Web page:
1. Thula could you please tell me about your way to circus arts? What is your artistic story?
I was born on the Big Island of Hawaii and grew up on the east side of the island in Puna. I started in an acrobatics class when I was around 5 and started performing with kids and adults yet it was a little “dry” since our teacher was 80 years old. At age 6, we found a local youth circus program called the Hiccup Circus. I was only allowed to join only if my mom participated with me since the starting age was 7. We brought acrobatics into the circus. I also took gymnastic classes. At age 12, I auditioned and secured a spot with a summer youth circus tour on the East Coast called Circus Smirkus and travelled/performed with them for three summers. On the fourth summer, I got a big wake up call by not being accepted. Up until that point, I had been riding on my natural talent yet didn’t take it seriously enough. In 2009, I shifted from being a normal teenager and committed to 6 hours of training/day as well as online schooling so that I could pursue my dream to be a professional circus performer. Within a year and a half of this rigorous routine, I was hired at the age of 16 to perform with The Great American Circus which was a traditional circus that performed internationally.
2. How do you create your choreographies and transitions?
My act that I graduated from The National Circus School in Montreal took about three years of developing sequences and transitions. It was a combination of me exploring and training for hours and hours and then also having guidance from my artistic and technique coaches. Now that I have an act that I am very happy with each detail I can adapt it to different shows and songs. Sometimes I switch around the sequences or specific tricks within a sequence but for the most part I usually have three sequences within a number. I video myself training quite often because you are your worst critic. When I create new transitions I try to make them as fluid as possible and the least amount of use with my hands.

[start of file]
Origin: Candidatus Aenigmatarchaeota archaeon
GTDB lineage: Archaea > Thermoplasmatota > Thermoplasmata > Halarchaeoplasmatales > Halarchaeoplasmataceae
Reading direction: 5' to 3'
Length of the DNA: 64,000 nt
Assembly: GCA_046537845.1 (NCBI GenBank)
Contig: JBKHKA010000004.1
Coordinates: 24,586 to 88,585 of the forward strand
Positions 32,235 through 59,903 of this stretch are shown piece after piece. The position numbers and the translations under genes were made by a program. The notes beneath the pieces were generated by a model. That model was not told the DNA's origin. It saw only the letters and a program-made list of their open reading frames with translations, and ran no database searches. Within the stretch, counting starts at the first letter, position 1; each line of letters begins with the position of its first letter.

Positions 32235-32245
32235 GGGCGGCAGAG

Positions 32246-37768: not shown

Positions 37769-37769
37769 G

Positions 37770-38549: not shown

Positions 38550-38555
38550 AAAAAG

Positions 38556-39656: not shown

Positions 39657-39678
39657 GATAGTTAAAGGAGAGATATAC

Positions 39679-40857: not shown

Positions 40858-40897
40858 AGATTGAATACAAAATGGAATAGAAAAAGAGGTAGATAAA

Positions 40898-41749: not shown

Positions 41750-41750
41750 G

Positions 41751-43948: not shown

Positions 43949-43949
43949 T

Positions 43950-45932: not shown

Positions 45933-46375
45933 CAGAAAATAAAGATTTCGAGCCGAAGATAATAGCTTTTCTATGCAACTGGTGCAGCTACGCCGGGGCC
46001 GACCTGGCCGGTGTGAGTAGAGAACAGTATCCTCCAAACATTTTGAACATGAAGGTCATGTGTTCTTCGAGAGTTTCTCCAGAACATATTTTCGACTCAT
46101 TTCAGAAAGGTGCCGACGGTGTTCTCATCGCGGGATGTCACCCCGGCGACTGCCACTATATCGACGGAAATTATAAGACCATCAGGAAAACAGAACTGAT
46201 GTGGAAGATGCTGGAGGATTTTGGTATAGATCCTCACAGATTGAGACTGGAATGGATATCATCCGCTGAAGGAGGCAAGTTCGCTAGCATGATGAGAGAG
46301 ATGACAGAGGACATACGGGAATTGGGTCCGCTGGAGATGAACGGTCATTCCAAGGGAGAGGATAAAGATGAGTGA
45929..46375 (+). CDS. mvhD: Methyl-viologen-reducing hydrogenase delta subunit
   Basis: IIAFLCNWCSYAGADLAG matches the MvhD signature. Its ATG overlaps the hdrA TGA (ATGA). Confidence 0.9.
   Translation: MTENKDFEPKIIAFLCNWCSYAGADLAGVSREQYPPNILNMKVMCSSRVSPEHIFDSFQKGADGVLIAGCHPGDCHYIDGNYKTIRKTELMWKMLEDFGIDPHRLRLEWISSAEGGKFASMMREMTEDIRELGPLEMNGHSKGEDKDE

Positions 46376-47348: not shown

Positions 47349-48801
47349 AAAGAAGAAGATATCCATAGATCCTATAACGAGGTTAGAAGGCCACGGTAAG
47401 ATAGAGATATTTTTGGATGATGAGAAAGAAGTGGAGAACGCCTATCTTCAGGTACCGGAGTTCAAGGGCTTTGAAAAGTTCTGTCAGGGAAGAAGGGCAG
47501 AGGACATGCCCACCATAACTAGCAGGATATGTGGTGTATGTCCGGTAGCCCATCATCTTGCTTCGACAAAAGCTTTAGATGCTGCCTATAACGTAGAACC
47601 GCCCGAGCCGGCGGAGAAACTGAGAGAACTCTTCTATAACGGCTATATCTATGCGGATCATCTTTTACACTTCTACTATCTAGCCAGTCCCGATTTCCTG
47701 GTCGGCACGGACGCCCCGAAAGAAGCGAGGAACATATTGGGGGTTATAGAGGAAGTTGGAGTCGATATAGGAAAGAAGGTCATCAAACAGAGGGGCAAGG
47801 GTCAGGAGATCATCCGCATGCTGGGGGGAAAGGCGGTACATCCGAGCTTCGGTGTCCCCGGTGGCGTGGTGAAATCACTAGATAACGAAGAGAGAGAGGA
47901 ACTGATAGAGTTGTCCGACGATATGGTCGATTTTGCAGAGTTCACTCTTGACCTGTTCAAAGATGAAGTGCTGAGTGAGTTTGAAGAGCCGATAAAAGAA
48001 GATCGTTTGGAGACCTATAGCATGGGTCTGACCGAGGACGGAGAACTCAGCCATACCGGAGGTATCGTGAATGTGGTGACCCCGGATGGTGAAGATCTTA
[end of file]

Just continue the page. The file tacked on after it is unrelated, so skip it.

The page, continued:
3. Is it easy for you to find the right music? How do you look for music for your performances and what are your favorite bands, singers or composers?
I find that searching for the perfect song is probably the most frustrating and time consuming part of creating a new piece. I spend hours and hours researching different artist/composers/videos ect. It can be difficult to find a song that has all the components that you want it one song. For aerial numbers it is important that the song has enough musical changes and doesn’t become to repetitive. It is also important to really love the song because you hear is so many times! I am always on the look out for new act songs, when I’m out and hear a song that captures me I make sure to take note of it. I also get a lot of inspiration from different soundtracks from movies and shows that I go watch.
4. Could you please share a good warm-up routine for aerialists?
My usual daily warm up on hoop is five skin the cats, then one are meat hooks on each side x3, one arm straddle ups on each arm 3x, meat hook to straddle on each arm 3x, back side plenches 3x each side. Then I like to warm up most of my dynamic elements.
5. What are the best flexibility exercises for chest stand on the hoop?
Chest stand (the way I do it) is one of my signature moves that I developed. I don’t teach this element on hoop. Training contortion on the ground is a great way to increase your flexibility in the air. Holding chest stands and learning how to breathe in the pose can help a lot to increase your flexibility. My secret for warming my back up quickly is stretching with a foam roller. I warm up my bridges and chest stands with it in my back so it takes the pressure off my muscles. I also do chest stands elevated so my chest is higher than my feet. This increases the flexibility in your upper back.